White House COVID-19 Chief Downplays Mask Use in ‘Confusing’ Interview

The head of the White House’s response to COVID-19, Dr. Ashish K. Jha, downplayed the importance of local mask mandates in December 2022 — going into the third year of the global pandemic — even as he claimed it was not an “either/or” regarding the importance of masks, compared to upgrading indoor ventilation.

Jha made the remarks while being interviewed with Dr. Cheryl Bettigole, the city’s health commissioner, by the Philadelphia Inquirer newspaper on December 15 2022, saying that improving indoor ventilation was the “most important long-term thing” that the White House could do for schools and nursing homes:

Fact Check

Claim: Dr. Ashish K. Jha Downplayed Importance of Masks

Description: Dr. Ashish K. Jha, head of the White House’s response to COVID-19, reportedly downplayed the importance of local mask mandates in December 2022 in an interview with the Philadelphia Inquirer. While Jha acknowledged that masks aren’t an ‘either/or’ solution with indoor ventilation, he emphasized that improving the air quality indoors is a long-term solution that the White House seeks to focus on.

Rating: Mixed

Rating Explanation: Dr. Jha’s statement sparked confusion and criticism as it seemed to undermine the efficacy of masks. Other experts and studies have shown that masks—whether cloth or higher-quality such as KN95s or N95s—are indeed effective at reducing the spread of COVID-19. However, Dr. Jha stressed on multiple occasions the importance of improving indoor ventilation as an effective long-term strategy.

Indoor quality has just not got the level of attention it deserves. Most experts believe that if we make some basic investments in indoor air quality, we can reduce all respiratory infections by 30, 60, even 80 percent. I mean, the notion that you could cut respiratory infections [using masks] — there is no study in the world that shows that masks work that well. So you’re never gonna get the kind of benefit from mandatory year round masking as you would from making substantial improvements in indoor air quality, plus it’s a lot easier to implement as well. So this is an area where we’re doing a lot and trying to encourage people to use the resources they have to make those investments and start really improving ventilation filtration.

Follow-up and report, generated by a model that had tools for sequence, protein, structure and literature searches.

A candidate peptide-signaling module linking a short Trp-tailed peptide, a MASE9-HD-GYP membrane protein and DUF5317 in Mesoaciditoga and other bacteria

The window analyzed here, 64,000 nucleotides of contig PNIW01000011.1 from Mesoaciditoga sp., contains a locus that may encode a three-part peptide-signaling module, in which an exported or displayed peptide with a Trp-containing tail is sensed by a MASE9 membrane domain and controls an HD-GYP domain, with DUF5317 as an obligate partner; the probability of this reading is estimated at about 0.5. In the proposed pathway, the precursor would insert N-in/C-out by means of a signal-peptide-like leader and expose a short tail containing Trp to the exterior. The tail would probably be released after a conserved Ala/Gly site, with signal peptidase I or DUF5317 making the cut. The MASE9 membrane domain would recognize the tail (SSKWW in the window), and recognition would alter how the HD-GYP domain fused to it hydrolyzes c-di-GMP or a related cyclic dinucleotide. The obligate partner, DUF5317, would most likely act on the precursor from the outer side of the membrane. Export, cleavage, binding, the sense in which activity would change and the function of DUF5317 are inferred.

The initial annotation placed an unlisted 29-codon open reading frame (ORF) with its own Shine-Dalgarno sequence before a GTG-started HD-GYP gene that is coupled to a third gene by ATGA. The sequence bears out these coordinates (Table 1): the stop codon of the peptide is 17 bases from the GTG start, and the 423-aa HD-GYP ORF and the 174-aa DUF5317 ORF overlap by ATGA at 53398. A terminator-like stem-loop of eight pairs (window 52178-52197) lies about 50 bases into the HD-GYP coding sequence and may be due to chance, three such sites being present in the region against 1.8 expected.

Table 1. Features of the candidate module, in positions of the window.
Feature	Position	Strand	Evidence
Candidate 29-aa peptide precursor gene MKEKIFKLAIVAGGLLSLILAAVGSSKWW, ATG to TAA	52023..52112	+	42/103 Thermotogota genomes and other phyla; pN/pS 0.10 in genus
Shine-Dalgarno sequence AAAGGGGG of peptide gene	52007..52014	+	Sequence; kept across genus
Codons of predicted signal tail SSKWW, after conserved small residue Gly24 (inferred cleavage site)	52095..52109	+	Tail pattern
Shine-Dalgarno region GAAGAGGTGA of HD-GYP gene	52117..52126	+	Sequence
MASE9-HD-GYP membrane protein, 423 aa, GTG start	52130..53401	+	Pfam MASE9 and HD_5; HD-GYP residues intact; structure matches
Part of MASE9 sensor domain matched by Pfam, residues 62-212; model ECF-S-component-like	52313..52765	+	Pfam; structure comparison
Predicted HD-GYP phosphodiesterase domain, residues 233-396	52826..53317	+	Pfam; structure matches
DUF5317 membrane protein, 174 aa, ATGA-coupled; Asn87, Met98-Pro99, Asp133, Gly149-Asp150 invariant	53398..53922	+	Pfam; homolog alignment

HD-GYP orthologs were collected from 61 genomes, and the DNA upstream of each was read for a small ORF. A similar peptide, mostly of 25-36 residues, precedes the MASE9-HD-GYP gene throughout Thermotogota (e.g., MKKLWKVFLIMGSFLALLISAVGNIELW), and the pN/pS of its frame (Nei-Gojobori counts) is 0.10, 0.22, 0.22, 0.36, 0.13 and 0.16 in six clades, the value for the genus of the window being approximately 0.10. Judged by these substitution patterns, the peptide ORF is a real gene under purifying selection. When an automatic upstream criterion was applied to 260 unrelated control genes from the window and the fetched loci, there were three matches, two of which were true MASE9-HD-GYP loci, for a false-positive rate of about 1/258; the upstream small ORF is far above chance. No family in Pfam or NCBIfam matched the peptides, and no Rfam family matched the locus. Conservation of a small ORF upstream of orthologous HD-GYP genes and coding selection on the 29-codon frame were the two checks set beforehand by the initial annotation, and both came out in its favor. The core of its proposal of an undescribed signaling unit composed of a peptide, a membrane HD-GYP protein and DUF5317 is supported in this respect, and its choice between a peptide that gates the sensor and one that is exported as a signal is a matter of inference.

The statement was caught on video and posted to Twitter by Dr. Lucky Tran, who quickly moved to point out that the statements appeared to echo ongoing disinformation campaigns:

In fact, major disinformation narratives since the beginning of the COVID-19 pandemic have been deployed attacking the use of masking to prevent the spread of the airborne virus:

“This is wrong, and dangerous misinformation,” Tran wrote directly to Jha on the platform. “You need to retract your statement and issue a correction.” He added:

The reason the White House wants to downplay masks and say all we need is indoor air quality infrastructure is because they want to get away with doing almost nothing, and push people to continue consuming and ignore harm from the pandemic.

Earlier in the interview, Jha had praised the effectiveness of “high-quality masks,” a reference to KN95 or N95 masks, as opposed to cloth masks.

“I think there’s this question we get into of, ‘Do masks even work or not’ and I think the evidence is pretty clear: if you’re wearing a high-quality mask it clearly makes a difference, and I don’t think that evidence is all that controversial,” he said.

Inquirer health and science editor Letitia Stein and reporter Jason Laughlin did not respond to Jha’s contradictory remarks. The newspaper’s article summarizing the interview also failed to mention Jha’s apparent disparagement of research involving masking measures.

In April 2022, a story by science reporter Tom Avril noted that past studies had shown that even cloth masks provided limited protection:

Researchers who study airborne transmission of viruses say there is no question that masks — even the cloth variety — reduce the spread of the coronavirus.

Exactly how much depends on the type of material, how well the mask fits, and how many virus particles an infected person is shedding, among other factors. No mask is bulletproof, but that’s not a reason to reject them entirely. No infection-control measure is absolute, short of complete isolation.